The merger would deliver efficiency savings in the region of £50 million a year within five years, it is claimed. This would primarily be achieved by combining back office functions, investment in IT, “flexible” working, growth through development, and its enhanced purchasing power in procurement.
Inevitably, merger proposals bring worries over jobs. Efficiency savings, no matter the industry, can be a euphemism for shedding staff, so in that respect UNISON’s Gray warned that in its talks with the three organisations, the union’s priority will be to “ensure that jobs and working conditions are protected”.
“The housing crisis in London affects all our members and we welcome increased investment in social housing,” Gray said. “But the three associations must recognise that big does not always mean better, and that residents and staff will have real concerns about this proposal. Employers must recognise that the success of their plans relies on the efforts of their dedicated workforce.”
The story of the proposed Affinity Sutton-Circle Housing is much the same as that of L&Q et al, only the numbers are more modest. The proposed new group would aim to deliver 5,000 new homes annually, with 50,000 delivered in 10 years. These would be built across tenures and a range of prices, with a focus – it is said – on delivering homes for “subsidised rent” and low-cost home ownership.
“The merger of Circle Housing and Affinity Sutton creates a unique opportunity to build the new homes our country desperately needs; safeguard the future of our existing neighbourhoods through increased investment; and transform the lives of our residents through access to work and training programmes,” said Keith Exford, Affinity Sutton’s chief executive.
Mark Rogers, Circle Housing’s chief executive, added: “Both of our organisations have long held ambitions to grow and maximise the benefits that scale can deliver... By embracing this challenge we will combine our strengths and transform the way we operate to create a new type of housing association. Together with our strong social purpose, this will enable us to deliver sustained efficiencies, build more homes, invest in more communities, and provide better services to our residents all underpinned by local decision-making and accountability.”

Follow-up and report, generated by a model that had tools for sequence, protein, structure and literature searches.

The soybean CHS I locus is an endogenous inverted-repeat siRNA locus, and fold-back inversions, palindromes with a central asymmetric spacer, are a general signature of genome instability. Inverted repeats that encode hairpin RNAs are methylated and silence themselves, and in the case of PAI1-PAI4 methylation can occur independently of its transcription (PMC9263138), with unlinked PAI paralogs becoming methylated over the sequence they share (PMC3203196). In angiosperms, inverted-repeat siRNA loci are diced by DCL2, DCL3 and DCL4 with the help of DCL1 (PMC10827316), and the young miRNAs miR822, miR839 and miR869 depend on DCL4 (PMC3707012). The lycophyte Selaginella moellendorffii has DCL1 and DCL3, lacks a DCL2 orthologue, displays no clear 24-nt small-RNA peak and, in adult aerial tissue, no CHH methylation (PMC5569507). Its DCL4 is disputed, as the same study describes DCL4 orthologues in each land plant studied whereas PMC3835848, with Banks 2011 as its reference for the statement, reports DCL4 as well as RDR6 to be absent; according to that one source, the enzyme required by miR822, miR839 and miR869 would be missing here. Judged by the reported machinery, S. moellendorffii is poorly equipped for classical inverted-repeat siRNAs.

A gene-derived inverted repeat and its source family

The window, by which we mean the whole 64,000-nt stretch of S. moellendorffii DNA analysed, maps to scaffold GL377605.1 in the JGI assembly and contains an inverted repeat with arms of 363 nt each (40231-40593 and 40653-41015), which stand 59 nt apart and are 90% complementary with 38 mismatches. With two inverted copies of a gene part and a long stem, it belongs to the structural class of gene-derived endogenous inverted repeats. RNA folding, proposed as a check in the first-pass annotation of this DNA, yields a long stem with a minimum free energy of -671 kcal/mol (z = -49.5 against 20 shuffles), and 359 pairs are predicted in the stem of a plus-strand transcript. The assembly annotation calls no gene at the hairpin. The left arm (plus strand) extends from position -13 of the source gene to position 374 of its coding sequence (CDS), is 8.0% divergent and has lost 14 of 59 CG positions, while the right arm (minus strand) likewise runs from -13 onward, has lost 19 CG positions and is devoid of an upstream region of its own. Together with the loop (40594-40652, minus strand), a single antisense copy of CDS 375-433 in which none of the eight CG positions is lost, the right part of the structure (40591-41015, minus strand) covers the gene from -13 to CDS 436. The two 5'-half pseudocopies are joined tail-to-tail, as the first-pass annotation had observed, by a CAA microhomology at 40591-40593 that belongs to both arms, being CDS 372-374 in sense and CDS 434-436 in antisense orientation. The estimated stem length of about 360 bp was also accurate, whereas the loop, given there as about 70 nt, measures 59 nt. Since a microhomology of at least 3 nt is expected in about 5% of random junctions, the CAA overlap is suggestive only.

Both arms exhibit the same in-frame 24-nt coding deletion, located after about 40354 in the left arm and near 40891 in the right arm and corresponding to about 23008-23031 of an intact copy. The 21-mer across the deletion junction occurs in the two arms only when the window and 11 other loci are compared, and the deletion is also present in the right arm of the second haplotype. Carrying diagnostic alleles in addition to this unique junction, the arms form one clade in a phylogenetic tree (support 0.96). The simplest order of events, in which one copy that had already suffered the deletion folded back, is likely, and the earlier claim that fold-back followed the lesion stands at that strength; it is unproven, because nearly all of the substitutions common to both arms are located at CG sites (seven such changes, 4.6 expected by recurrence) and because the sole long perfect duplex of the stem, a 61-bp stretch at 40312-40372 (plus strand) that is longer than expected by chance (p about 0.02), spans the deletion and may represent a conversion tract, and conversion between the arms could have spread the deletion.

Sovereign and Spectrum are likewise selling their merger on the basis of delivering more homes and achieving greater efficiencies.
As Ann Santry, Sovereign’s chief executive and designated chief of the new merged organisation, said: “The new organisation will be a stronger social business creating economies of scale, which will allow us to deliver on our commitment to provide local services to our residents and build more homes to help tackle the housing crisis.”
Most recently, Sanctuary Group and Housing & Care 21 have announced they are getting together. The merger will see the creation of a new operation within Sanctuary Group which will specialise in housing for older people. Sanctuary 21, as this new group entity will be known, will be responsible for over 32,000 retirement and extra care homes, together with care and telecare services. The aim is to become a market leader in the provision of care and housing for older people.
“This merger is a natural fit for Sanctuary, complementing our existing older people’s services and accommodation with Housing & Care 21’s significant expertise,” said Jonathan Lander, Sanctuary Group’s chair.
Lord Ben Stoneham, Housing & Care 21’s chair added: “The merger with Sanctuary will help further the core purpose of Housing & Care 21 to provide high-quality housing and care services for older people of modest means. As a result of the merger we will be able to provide many more homes, better services and make improvements far sooner than would have been possible as two separate organisations.”
[Editor’s note: Since this article was first published, the merger between Sanctuary and Housing & Care 21 has been called off. Story HERE.]
With all these mergers, one might joke the National Housing Federation is fast losing members, but let’s just hope it’s not the banks that end up having the last laugh. Housing, after all, is far too important to fall foul of hubris.
This article first appeared as the cover story in the June/July 2016 print edition of Housing magazine